Obesity as a Disease, Not a Behavior
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The American Heart Association (AHA) defines ideal cardiovascular health in its 2020 Impact Goals for cardiovascular health promotion and disease prevention to include a body mass index (BMI) <25 kg/m2, which they recognize as an ideal health behavior.1 We urge the AHA as it begins setting its 2030 goals to move beyond the concept of BMI as a health behavior. Equating BMI with behavior confuses the now widely accepted association between BMI and the mechanistically complex disease of obesity.2 In our opinion, it makes little sense to establish goals and metrics that ignore a broad evidence base that supports the view of obesity as a complex, multifactorial disease and expect to achieve meaningful success in managing BMI to promote ideal cardiovascular health.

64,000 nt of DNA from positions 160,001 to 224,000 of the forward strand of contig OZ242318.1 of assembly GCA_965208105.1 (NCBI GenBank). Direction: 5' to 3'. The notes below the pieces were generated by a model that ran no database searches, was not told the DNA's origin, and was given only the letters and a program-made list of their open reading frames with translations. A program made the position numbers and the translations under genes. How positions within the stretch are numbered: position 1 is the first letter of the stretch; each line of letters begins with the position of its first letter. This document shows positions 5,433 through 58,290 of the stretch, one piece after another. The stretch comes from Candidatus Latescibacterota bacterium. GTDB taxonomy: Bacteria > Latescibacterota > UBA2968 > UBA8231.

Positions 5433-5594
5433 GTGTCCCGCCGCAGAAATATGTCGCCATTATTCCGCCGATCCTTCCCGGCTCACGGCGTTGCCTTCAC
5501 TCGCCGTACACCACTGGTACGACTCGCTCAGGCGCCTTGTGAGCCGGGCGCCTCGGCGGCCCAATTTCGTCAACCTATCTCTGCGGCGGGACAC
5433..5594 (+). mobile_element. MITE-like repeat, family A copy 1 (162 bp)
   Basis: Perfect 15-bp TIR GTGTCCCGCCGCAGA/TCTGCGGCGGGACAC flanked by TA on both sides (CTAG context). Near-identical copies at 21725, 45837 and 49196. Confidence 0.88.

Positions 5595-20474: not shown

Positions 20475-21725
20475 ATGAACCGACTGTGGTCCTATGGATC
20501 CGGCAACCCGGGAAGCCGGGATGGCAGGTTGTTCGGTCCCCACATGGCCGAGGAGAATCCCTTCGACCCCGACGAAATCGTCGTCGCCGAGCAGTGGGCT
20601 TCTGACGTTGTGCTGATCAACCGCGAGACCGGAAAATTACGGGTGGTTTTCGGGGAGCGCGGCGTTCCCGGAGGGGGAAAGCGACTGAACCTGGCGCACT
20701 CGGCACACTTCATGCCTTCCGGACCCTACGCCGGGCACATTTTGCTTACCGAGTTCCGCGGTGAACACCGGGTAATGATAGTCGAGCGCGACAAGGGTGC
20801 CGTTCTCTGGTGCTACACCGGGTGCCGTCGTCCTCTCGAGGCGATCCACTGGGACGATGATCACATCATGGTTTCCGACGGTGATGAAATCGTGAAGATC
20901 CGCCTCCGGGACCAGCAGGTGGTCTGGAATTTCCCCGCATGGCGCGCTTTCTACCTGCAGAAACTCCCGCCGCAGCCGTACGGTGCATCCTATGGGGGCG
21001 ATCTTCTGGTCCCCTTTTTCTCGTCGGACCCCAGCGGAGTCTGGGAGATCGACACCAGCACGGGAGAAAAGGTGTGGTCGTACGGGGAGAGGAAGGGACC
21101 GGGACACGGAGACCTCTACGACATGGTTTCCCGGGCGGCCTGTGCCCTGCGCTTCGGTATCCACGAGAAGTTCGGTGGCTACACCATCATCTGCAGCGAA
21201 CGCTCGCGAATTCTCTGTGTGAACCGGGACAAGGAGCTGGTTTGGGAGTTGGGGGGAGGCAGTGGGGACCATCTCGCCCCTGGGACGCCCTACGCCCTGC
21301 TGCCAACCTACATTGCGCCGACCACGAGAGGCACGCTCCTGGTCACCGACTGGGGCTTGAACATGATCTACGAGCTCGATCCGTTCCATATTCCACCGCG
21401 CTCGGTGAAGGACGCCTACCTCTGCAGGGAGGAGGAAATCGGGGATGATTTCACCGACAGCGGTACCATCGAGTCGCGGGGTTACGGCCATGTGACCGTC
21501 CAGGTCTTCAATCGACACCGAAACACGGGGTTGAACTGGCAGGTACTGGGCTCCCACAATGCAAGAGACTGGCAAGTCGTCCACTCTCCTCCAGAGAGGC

Despite the growing recognition of the complexity of obesity, like cancer decades ago, obesity has been treated as a single disease process with universal prevention and treatment strategies, rather than a fundamentally heterogeneous process with numerous underlying mechanisms and etiologies, each requiring unique prevention and treatment modalities. Obesity and related coronary artery disease, stroke, and other sequelae lead to increased health burden and billions of dollars in healthcare costs in the United States. Examining sources of heterogeneity in the etiology of obesity …